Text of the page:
Wednesday, 10 April 2013

Remote Housing

We set off in stunning weather yesterday morning to walk across Ardnamurchan Estate land to the beach which runs along the shore almost as far as Maclean's Nose.  Other than the 31mm we had in mid-March, it's now 55 days since we've had significant rainfall, and the land reflects this: as dry, brittle and yellow-brown as the savanna grasslands of Africa.

We slid down a steep slope to the beach.  The bay here is called Camas Choire Mhuilinn after the clachan that was cleared in 1828 to make way for sheep farming.  Maclean's Nose is the point in the centre of this picture, which looks across the mouth of Loch Sunart to Morvern.

This is by far the best beach on the peninsula for flotsam.  We've often wondered where it all comes from but perhaps this sign board gives us a clue - the last time we saw this it was pinned to the railings in Tobermory High Street.

Having walked as far as we could along the series of beaches which form this coastline we headed up a steep slope which rises in a series of steps, many of which show signs of cultivation - the bracken is always an indication.  We've been here before and found field walls, but never any sign of the farmer's house.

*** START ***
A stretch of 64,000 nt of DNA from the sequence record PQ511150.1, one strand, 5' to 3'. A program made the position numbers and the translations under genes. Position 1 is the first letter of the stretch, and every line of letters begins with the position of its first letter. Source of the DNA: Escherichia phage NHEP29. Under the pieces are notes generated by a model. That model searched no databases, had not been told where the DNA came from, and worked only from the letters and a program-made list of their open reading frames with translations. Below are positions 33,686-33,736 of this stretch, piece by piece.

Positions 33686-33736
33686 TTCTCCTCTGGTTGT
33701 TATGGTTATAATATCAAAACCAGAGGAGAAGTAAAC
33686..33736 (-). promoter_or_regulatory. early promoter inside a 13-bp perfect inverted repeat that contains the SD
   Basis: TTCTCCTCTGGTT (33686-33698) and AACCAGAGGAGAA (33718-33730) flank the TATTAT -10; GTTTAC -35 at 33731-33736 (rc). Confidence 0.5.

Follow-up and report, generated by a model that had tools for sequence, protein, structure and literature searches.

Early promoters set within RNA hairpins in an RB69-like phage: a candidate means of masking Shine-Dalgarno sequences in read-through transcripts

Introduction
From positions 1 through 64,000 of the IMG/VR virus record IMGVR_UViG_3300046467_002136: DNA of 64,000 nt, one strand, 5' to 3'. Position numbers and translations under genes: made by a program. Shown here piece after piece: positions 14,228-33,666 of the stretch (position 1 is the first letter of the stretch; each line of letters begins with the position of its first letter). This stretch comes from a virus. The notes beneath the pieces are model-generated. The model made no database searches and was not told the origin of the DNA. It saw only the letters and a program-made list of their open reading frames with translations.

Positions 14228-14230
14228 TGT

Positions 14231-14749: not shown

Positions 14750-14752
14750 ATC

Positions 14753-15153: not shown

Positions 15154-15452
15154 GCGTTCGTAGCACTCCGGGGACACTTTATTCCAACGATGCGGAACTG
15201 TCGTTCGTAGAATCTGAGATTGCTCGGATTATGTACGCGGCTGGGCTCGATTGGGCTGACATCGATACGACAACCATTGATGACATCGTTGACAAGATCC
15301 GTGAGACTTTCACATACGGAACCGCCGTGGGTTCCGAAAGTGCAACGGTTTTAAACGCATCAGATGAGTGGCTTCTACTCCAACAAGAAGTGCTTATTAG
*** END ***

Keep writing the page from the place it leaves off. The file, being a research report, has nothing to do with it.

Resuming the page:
Higher on the hill, and close against the deer fence we finally found what we'd been looking for, the broken stone walls of a 5m x 4m house tucked into a depression against the hillside.  The position had been carefully chosen: it was a warm day anyway, but warmer still in this sheltered spot.

We turned back, traversing the hillside until we plunged into oak woodland.  In it there were many signs of previous habitation, but this is something slightly more recent, a tree house built of flotsam, and built both with imagination....

....and an eye for comfort.

There's an interactive map of the area here.


  1. Do you know of any map which shows the boundaries of the ardnamurchan estate land? Or could you possible make one? Would love to have a better idea of the land and locations in ardnamurchan.